Best Age to Obtain a New Puppy - Papillons And Phalenes

There is a lot of controversy between breeders and other dog professionals--trainers, pet counselors and even owners--over the best age to place or sell a puppy. Some Papillon and Phalene Breeders claim that they need to keep Papillon puppies or Phalene Puppies longer than the larger breed dogs and they offer several reasons for this, some contradictory.

They say Papillons or Phalenes must stay with it's dam and littermates longer than a large breed for "socialization", or they want to decide if Papillon or Phalene Puppies are show or pet quality, or that it is too fragile to leave earlier, or even that the new owners cannot take care of such a small puppy.

Many non-breeding animal professionals seriously dispute the need for a puppy to stay with its dam and littermates to "learn how to be a dog". In fact, a dog is born with the natural instinct to be what it is. A puppy raised with a litter of kittens will still be a dog--still bark not meow, and still dig in the yard and chase things that run or retrieve or chew--it will not lose it's natural instinct to act like a dog. The actual facts are--humans do not want a dog that has 'stayed with it's dam and littermates to learn to be a dog"!! Humans do not want a pet, especially Papillon or Phalenes, that barks excessively, chews furniture and clothes, goes "potty" anywhere in the house and ignores the human voice and commands.
Instead, most pet-loving people want a Papillon or Phalene puppy that will bond to them, easy to teach to obey basic commands, likes to be with people and is relatively easy to housetrain (we never believe in house breaking) and does not bark for no reason at all. So when does this bonding start?

Nature itself starts breaking the mother-puppy bond when the puppy is fully weaned. Puppies look to those who bring food and safety to establish a new bond. This is when the human--puppy bond begins. When papillon and phalene puppies have a full set of baby teeth and can eat on their own, the dam usually will move away from the puppies more often, to avoid the sharp little teeth. This is the time a wild dog would begin to hunt for her puppies and this is when the papillon or phalene breeder becomes the primary food source for the puppy. And this age is usually around 6 weeks.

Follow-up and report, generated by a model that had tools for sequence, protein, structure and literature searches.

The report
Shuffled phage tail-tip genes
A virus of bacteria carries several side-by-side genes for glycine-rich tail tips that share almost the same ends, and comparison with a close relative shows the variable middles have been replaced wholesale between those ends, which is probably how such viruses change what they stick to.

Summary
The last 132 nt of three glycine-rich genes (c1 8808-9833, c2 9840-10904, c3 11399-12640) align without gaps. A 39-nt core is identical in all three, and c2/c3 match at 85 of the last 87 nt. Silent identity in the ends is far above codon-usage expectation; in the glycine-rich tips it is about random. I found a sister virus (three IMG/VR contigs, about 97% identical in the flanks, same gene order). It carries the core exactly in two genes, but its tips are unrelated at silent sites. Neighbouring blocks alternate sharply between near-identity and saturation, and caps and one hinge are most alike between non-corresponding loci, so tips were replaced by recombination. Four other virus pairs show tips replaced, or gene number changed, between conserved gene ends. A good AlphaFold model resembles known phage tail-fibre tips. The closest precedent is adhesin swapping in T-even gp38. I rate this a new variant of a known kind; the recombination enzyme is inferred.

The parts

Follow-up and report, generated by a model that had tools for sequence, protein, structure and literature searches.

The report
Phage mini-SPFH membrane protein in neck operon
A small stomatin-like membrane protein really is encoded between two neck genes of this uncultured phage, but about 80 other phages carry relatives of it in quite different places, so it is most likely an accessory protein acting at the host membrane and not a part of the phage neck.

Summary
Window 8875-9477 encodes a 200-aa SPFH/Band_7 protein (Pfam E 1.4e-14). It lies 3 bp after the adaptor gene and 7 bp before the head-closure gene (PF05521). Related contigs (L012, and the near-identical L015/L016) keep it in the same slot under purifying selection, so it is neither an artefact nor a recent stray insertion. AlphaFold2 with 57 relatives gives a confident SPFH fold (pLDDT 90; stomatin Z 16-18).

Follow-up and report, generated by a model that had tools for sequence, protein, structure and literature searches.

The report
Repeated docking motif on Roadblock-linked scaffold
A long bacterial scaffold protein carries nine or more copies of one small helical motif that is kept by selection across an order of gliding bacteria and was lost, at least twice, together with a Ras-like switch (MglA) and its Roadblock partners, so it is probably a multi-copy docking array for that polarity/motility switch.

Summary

Pet professionals and many who also train their own dogs, have agreed that the younger puppies train more easily and bond to new owners more closely when placed between 6 and 10 weeks of age. (there are certain legal restrictions in selling or shipping before 8 weeks in some states)

After this age, Papillon or Phalene puppies slowly becomes more set in their ways and these ways become more difficult to change later in life.
Some papillon and phalene breeders claim they need to keep papillon or phalene puppies longer to determine if they are show quality-this often means they are hoping for a fault to disappear or are hoping that an expected fault does not crop up.

However, there is evidence that the structure of a papillon or phalene puppy at 8 weeks old is the same structure the papillon or phalene dog will have as an adult, AND there is no way to be sure of coat and show worthiness until papillons and phalenes are 2 years old--so keeping Papillon or Phalene puppies 4 to 6 months serves no purpose for either a pet or show.

Some papillon and phalene dog breeders say that the new owners have no ability to care for so young a puppy. Yet, they will say that they love to play with new papillon or phalene puppies and see the personality emerge. We at Pixiedust feel that the new owner CAN care for a papillon or phalene puppy the same as any breeder and the new owner DESERVES to enjoy and help shape the puppy personality to fit the owner and his life schedules.

Some papillon and phalene breeders have gone to the extreme of saying there is no bonding process--that Papillon or Phalene Puppies will love all people equally. There is just too much evidence from research and owners alike that completely disprove this false statement. While older Papillons or Phalenes may become "generalized" and like any owner who treats it kindly, this is NOT the same as that special bond developed between young puppies and a devoted owner. Older Papillons and Phalenes can and do become special pets, but again, this is not exactly the same as the bonding for young puppies.

There are cases where Papillon or Phalene puppies may be too tiny to place at an early age, For good breeders of Papillons and Phalenes, this should be the exception, not the rule. Any good breeder of Papillons and Phalenes should be breeding healthy, sturdy Papillon and Phalene puppies, no matter that they are a toy breed. At Pixiedust, we breed Papillons and Phalenes that can compete in agility and obedience, and still be small lap dogs. And we want all of our papillon and phalene puppies and their owners, to develop that special connection that makes for a life-long companionship between dog and owner.



About the Author
Written by Pixiedust
Pixiedust is a premier breeder of quality papillon and phalene dogs for pet and show. www.pixiedustpapillons.com

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